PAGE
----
- Posted February 13, 2014 by
This iReport is part of an assignment:
Winter weather 2014
Snowed-In Atlanta 2: Reflections of a New Father With Cold Issues
- Verybecoming, CNN iReport producer
About a week before the first Atlanta snow “incident,” I was telling my mother in a phone conversation how I have re-acclimated myself to cold weather. “It’s cool, I don’t even really notice.” My mother responded in disbelief . “You? Okay with the cold? I’m surprised,” she said. “Doesn’t bother me at all anymore.” Maybe I was trying to convince myself.
You see, I am notorious in my family for hating the cold with a vengeance. I was born and raised in Nashville, TN where a deep scowl haunted my face even on summer mornings before the temp rose past 65 degrees. That being said, I really thought I had grown up and grown out of my serious disdain for cold weather. After ditching my car in the January 28th “Atlanta Snowpocalypse” and running home in the cold to complete my 7.5 hour trek, I still wasn’t quite sure. But now that we’re snowed in for a second time hoping the power stays on, there is very little doubt. The cold is not my friend.
To complicate this temperature sensitivity further, my family recently moved back to Atlanta, GA from sunny Southern California of all places. I know, crazy right? I had not truly been festooned in cold weather for almost a decade. Aside from the occasional Big Bear, CA trip where we once hot-tubbed in a 17 degree blizzard with our LA friends, the cold had become somewhat foreign. Not anymore.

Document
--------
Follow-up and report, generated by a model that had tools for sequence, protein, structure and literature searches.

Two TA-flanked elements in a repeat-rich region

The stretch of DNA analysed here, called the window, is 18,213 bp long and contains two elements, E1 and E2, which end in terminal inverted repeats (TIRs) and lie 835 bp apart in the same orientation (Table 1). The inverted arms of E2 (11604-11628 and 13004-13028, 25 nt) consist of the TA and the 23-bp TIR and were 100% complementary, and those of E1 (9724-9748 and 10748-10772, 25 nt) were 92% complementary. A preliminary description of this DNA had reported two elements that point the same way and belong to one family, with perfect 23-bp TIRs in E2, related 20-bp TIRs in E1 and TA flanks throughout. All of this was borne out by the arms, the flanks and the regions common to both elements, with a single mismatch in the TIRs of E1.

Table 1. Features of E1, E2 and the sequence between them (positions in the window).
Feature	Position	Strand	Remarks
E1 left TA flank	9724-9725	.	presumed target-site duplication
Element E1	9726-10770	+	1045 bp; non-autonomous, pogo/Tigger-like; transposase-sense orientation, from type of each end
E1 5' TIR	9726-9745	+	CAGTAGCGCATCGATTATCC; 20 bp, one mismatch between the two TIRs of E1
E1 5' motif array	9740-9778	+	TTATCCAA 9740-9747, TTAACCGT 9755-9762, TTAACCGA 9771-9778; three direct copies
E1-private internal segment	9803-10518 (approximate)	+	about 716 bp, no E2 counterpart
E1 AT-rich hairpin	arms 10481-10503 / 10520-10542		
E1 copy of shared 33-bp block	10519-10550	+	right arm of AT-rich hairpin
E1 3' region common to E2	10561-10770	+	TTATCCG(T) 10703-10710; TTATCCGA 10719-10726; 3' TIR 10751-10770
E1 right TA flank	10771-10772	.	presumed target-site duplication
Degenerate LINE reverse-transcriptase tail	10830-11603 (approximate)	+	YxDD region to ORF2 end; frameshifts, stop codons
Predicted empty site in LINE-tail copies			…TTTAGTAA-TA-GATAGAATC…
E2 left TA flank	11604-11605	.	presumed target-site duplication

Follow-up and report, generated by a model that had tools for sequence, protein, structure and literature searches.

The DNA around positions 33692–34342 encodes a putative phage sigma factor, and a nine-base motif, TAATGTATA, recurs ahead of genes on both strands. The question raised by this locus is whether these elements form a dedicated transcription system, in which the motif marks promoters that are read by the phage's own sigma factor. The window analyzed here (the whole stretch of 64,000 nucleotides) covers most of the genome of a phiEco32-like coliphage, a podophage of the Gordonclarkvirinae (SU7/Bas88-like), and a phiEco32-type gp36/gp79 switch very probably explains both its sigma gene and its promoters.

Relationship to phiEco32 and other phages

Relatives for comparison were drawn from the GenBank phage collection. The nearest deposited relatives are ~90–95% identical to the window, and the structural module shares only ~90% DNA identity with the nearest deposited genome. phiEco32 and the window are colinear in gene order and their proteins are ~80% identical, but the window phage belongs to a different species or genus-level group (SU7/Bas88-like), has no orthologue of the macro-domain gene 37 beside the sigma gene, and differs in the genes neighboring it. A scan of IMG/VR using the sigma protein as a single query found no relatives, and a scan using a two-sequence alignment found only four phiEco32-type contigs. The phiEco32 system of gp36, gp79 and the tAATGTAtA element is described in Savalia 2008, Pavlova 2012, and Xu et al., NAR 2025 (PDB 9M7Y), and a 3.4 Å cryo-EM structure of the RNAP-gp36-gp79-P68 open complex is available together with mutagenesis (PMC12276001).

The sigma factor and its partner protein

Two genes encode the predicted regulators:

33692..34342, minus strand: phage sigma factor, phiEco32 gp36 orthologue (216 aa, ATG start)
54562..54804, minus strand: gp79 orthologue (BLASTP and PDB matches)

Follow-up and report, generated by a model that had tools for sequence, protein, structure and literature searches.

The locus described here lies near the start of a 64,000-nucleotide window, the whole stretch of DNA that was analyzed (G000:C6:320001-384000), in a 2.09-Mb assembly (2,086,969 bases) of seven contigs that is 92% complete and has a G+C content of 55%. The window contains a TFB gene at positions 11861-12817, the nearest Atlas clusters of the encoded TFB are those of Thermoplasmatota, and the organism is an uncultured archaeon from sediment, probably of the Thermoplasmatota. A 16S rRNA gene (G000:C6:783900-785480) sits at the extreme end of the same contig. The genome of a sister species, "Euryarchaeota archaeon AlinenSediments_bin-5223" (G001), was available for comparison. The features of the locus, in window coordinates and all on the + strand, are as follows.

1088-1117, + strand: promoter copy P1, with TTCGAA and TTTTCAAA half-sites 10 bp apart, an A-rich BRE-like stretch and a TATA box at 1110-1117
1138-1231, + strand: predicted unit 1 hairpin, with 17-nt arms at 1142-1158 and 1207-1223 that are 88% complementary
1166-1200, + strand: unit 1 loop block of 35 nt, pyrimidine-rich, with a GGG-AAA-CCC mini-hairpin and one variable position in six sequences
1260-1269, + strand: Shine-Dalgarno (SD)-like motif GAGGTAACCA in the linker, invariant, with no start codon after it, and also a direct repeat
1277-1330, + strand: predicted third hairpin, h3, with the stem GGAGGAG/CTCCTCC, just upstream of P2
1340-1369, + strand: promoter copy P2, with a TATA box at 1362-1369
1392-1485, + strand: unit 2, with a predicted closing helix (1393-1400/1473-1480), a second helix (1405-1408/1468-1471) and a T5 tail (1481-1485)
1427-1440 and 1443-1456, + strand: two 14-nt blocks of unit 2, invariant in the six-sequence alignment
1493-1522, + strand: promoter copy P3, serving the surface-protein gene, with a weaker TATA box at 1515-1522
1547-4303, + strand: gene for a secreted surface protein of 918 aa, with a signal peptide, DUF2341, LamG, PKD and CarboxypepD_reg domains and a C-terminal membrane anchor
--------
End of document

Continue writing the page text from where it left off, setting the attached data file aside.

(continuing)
In the midst of the second, evidently much more serious Atlanta weather “incident,” I find myself constantly checking on things around the house. Towels under doors, first aid supplies, impromptu indoor fire pit, flashlight batteries, locked doors, blankets, hand warmers, prepped food, and the other million things that now come naturally. I remember my father walking through the house in the middle of the night checking doors, keeping the fire hot in our wood-burning stove, making sure that everything was in good order. Hearing him rustling around here and there in the house well after midnight always made me feel safe.
This night though, after all the “daddy-checking” has been done, as we wait for the power to falter, I’m sitting in our living room building my nightly sculpture out of wooden ABC learning blocks. The first thing our One-year-old does every morning is excitedly destroy the creation I built for him as he slept. I realize things could have been different. I could have been out of town for work. I could have been stuck in traffic overnight like many were during the first storm. But I’m not. Odyssey averted. I am very thankful to be right here with my wife and my son waiting for the cold to surrender.